Since my understanding of private equity is pretty limited, this might have an easy answer that I'm just missing. Sorry if it's a dumb question.

In general when a PE shop acquires a target, the lenders have a stipulation that if payments are missed (or that they are just uncomfortable with the investment), they can go after the assets and the target firm itself. My question is why don't more lenders capitalize on this and actually try to take the firms from the PE shops? Since many banks have in-house PE groups, they could essentially takeover the target companies as soon as the original shop had trouble with payments, give the company to the in-house PE and end up having paid less for it than a full buyout would cost. Understandably, doing so would limit the business that lenders would get in the future (and might not be ethical/legal), but it seems like the there is a huge upside for the lending banks.

Comments (13)


It's a dumb question. You can't repossess because you 'are just uncomfortable with the investment'. How would that work under the law?

The answer is fairly obvious if you think about standard loan/bond covenants (read some docs) as well as the bankruptcy and resolution of distress system in the US.

Work through what would happen if the borrower was technically at fault if you have multiple debt tranches and many creditors.

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I don't agree that it's a "dumb" question but you need to have more familiarity with the process to understand the answer. Let's assuming a simple capital structure with one bank lender and one series of debt. In the event of a technical default (trip a covenant etc.) the lender needs to weigh the payoff of forcing the company into bankruptcy and recovering as much as possible, or allowing some leeway so the Company can turn itself around - which may ultimately lead to better recoveries for the lender. No rational lender provides a loan hoping the company will go into distress/bankruptcy and they can hopefully own the equity post-reorg. That situation would leave them with some equity ownership but not necessarily 100% recovery. The lender would also look bad within his firm for lending to a company that ultimately fails. Much better that the Company thrives, the lender gets its coupon and is repaid at maturity or earlier.


Check out some recent bankruptcy filings and see what the recovery rates are for each creditor. Second lien and subordinated bondholders' recovery rate is extremely low in many cases. You wouldn't want to be one of them.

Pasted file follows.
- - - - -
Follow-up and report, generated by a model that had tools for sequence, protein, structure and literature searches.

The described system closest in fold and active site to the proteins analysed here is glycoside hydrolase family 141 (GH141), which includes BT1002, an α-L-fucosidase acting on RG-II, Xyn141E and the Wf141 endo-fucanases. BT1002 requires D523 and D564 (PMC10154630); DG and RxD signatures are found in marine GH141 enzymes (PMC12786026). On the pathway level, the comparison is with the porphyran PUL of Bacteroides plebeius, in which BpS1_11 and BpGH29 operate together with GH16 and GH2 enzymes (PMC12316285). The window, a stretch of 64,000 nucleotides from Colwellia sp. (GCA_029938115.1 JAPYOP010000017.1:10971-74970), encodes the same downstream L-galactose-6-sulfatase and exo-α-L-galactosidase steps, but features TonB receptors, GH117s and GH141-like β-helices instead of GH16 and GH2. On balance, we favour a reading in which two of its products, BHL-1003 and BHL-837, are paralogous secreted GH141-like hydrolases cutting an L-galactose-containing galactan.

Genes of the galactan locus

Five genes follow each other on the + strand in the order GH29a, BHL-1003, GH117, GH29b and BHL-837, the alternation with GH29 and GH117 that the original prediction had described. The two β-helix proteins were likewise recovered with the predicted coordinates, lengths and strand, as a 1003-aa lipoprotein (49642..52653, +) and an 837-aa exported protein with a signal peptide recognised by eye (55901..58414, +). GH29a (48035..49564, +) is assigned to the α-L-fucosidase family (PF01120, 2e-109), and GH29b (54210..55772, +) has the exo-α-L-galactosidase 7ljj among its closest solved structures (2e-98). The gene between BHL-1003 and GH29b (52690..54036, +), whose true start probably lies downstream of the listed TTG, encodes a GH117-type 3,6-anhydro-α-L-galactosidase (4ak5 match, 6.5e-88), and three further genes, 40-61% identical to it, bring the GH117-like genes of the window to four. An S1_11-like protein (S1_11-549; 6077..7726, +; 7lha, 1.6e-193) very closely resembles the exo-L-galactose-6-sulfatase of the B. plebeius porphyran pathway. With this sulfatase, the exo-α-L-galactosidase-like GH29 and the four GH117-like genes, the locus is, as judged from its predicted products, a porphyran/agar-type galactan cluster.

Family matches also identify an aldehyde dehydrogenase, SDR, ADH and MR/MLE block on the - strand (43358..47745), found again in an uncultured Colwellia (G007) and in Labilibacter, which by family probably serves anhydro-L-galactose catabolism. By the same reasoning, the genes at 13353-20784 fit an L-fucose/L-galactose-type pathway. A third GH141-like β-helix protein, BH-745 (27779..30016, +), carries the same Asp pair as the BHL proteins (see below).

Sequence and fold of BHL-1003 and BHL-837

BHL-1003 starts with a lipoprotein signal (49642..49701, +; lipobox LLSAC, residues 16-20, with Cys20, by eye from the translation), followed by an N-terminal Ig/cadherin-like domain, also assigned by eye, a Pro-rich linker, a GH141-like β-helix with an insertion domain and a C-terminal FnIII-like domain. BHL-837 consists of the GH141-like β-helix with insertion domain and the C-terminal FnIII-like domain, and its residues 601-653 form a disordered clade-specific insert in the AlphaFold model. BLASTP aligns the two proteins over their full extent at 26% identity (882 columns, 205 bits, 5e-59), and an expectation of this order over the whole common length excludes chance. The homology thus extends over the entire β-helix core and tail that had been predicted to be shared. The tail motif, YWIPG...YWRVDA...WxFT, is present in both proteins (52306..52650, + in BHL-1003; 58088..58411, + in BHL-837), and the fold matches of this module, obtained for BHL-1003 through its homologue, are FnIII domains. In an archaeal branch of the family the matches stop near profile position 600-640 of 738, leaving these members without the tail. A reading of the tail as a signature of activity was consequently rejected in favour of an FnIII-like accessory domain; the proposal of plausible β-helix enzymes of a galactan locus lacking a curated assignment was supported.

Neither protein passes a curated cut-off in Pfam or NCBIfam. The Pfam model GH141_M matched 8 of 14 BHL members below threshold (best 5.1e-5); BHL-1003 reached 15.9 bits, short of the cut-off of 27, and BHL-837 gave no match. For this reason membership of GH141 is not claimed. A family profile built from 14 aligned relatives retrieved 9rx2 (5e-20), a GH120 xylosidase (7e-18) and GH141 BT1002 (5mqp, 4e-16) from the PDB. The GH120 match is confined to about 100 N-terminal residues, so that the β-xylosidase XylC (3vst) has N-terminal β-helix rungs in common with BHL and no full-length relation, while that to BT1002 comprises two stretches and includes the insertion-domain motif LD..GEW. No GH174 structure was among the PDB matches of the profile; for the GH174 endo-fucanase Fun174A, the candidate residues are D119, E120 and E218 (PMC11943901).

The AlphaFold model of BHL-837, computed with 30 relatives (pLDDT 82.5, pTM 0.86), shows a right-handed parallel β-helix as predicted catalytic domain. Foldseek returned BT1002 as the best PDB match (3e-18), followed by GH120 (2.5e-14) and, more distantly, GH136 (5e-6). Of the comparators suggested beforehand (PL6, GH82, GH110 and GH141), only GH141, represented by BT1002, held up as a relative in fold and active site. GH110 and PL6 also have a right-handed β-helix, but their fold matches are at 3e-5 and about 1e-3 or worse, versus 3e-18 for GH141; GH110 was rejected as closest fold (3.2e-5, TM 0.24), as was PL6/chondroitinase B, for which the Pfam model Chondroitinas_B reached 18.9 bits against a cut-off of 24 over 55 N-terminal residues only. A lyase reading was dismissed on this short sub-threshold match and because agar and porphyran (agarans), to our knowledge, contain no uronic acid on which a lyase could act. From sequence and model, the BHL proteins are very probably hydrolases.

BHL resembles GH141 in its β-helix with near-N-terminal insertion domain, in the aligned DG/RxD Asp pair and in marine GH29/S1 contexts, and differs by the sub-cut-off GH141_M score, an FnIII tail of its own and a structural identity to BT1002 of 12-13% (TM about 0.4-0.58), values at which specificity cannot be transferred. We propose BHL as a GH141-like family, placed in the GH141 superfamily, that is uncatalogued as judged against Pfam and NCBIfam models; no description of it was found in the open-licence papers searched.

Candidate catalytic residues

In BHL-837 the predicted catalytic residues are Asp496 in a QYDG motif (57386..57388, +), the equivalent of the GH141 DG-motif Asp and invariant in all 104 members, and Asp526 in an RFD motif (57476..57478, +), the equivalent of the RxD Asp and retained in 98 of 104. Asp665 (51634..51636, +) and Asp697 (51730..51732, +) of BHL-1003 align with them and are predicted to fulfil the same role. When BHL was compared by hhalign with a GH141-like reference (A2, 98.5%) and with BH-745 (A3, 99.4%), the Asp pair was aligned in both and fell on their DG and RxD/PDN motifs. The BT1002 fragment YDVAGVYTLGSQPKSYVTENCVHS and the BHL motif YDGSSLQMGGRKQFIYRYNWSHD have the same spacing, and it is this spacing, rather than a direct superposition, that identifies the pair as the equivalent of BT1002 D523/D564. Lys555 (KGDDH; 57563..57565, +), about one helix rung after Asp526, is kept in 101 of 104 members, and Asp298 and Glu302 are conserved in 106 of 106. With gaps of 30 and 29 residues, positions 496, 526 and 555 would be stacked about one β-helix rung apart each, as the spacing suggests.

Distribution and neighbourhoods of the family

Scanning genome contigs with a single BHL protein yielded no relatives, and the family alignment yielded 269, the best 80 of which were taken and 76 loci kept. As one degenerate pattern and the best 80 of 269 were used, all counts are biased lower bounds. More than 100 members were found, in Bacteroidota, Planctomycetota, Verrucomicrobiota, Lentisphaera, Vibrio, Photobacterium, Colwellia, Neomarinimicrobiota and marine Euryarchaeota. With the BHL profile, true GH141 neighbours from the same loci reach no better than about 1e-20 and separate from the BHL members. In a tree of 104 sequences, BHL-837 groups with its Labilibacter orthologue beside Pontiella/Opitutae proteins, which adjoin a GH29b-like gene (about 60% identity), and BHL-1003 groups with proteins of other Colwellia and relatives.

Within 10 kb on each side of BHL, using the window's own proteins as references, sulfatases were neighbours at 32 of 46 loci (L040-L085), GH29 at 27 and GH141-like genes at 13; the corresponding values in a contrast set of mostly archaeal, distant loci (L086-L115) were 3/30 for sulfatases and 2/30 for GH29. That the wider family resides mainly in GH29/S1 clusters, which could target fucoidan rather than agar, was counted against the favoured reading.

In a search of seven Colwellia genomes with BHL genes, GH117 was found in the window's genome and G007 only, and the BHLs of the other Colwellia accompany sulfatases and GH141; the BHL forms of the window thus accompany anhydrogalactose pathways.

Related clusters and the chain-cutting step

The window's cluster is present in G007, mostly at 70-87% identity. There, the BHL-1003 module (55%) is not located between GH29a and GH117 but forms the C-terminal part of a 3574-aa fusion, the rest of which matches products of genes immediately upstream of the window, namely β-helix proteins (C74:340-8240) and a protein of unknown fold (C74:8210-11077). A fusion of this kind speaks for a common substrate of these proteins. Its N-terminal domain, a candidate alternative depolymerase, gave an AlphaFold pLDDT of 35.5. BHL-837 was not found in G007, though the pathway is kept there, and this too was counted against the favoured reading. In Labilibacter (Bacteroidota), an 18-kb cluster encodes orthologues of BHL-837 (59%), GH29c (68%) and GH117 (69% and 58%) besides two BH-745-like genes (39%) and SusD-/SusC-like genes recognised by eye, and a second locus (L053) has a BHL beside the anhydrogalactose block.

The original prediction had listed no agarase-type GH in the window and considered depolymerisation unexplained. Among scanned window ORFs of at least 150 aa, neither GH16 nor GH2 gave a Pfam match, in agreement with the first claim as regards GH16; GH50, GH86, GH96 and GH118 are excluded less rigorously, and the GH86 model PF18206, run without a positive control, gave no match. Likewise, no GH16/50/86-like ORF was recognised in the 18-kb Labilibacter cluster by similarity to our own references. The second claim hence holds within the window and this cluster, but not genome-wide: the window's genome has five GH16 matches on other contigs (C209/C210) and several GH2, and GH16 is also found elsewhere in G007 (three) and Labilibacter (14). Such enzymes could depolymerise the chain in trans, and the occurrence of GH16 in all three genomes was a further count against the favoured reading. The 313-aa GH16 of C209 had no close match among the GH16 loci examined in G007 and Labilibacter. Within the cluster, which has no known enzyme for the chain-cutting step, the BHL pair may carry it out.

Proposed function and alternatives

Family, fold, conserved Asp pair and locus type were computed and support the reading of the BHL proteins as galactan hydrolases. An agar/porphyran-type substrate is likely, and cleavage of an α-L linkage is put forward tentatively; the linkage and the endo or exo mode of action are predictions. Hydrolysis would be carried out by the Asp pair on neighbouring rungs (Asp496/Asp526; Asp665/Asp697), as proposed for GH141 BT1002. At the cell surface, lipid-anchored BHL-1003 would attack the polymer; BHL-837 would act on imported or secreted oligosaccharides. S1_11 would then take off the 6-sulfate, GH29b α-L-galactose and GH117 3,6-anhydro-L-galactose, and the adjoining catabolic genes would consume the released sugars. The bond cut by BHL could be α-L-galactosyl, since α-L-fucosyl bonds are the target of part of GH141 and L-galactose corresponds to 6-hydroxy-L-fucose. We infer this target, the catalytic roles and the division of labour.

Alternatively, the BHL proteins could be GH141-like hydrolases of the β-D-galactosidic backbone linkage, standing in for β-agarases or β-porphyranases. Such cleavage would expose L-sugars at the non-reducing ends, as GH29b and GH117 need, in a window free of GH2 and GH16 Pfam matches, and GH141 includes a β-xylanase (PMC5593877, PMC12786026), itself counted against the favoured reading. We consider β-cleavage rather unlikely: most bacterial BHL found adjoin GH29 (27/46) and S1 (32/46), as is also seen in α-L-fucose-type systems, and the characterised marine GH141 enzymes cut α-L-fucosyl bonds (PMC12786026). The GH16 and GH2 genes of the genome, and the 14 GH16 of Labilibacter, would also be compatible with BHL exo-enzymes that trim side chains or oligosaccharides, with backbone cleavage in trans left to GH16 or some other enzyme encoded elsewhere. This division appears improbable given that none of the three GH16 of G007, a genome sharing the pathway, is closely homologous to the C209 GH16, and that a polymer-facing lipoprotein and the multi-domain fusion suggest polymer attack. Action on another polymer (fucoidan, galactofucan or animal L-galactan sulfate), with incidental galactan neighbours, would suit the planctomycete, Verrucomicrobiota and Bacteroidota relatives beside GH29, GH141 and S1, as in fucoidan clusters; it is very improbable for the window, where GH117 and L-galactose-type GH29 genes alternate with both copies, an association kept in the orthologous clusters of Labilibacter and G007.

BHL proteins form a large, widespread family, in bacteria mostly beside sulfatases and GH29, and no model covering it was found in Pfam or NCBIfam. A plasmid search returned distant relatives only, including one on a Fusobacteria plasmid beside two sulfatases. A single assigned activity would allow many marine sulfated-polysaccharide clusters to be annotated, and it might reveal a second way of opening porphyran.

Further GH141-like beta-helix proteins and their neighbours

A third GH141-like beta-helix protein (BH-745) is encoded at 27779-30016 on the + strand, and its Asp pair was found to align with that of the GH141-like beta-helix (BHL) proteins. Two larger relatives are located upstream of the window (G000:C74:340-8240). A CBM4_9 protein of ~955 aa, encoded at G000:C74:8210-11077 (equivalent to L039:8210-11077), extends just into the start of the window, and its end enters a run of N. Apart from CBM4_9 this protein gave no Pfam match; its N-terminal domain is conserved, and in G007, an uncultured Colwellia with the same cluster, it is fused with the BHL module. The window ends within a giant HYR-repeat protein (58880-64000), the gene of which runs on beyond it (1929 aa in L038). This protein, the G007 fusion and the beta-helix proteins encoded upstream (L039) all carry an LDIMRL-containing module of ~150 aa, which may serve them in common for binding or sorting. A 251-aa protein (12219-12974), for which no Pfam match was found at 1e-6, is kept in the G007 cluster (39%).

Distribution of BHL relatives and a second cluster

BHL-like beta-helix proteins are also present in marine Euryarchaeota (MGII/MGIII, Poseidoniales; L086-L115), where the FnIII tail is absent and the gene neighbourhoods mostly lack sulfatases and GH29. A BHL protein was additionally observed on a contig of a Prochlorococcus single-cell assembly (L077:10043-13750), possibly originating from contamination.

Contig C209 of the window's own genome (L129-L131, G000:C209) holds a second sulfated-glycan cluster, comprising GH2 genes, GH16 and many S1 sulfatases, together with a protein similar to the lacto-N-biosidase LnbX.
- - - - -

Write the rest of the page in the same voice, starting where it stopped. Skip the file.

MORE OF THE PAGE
Also, let's say that debt-for-equity swaps has undergone. It would take years to revitalize the company in its original shape. A short-term investment suddenly changes into a long-term investment. Why would you even bother lending in the first place with worrying about all these knotty reorganization issues? I would rather take part in the equity at the inception of deal...


That's not even the point, the merchant bank (bank's internal PE) has the fiduciary resposibility to manage the fund's money, not turnaround the bank's flailing investments... Bank's have recovery / workout groups that evaluate and maximize recovery whichever way seems most feasible... try to "accelerate" - as it called in legalese - the debt won't result in the bank taking over the asset, it'll just file an involutanry bkptcy petition and if approved, it'll force the company into bankruptcy officially... otherwise if the lenders are inflexible and threatening and predatory, the equity owner will just file for protection under chp. 11 blocking any acceleration... the only way to avoid any of this is if the equity owner hands over the keys to the bank and looses any potential recovery, no matter how minute (rarely done)...

last thing is bank's don;t want equity... equity means increased risk to it's balance sheet and makes it more susceptible to write-downs... banks also dont want to take a lending activity and turn it into a turnaround equity practice... it costs alot of time, money and effort to manage a team like this, one which isnt anywhere near the core of lending and advisory services... the effort / cost of such an activity well outweighs a 70 cents on the dollar recovery that can be attained through the process... most prefer selling the debt at lets say 40-50 and getting rid of the headache and legal fees, etc...


The above responses touch on most of the problems; the other thing they don't mention is bank's reputation risk. If a bank went around pushing every PE investment they could in to bankruptcy, not only would they lose money, they'd also lose a shot at any repeat business with that firm, whether advisory or loan syndication, and pretty soon any firm. No customers, no more bank.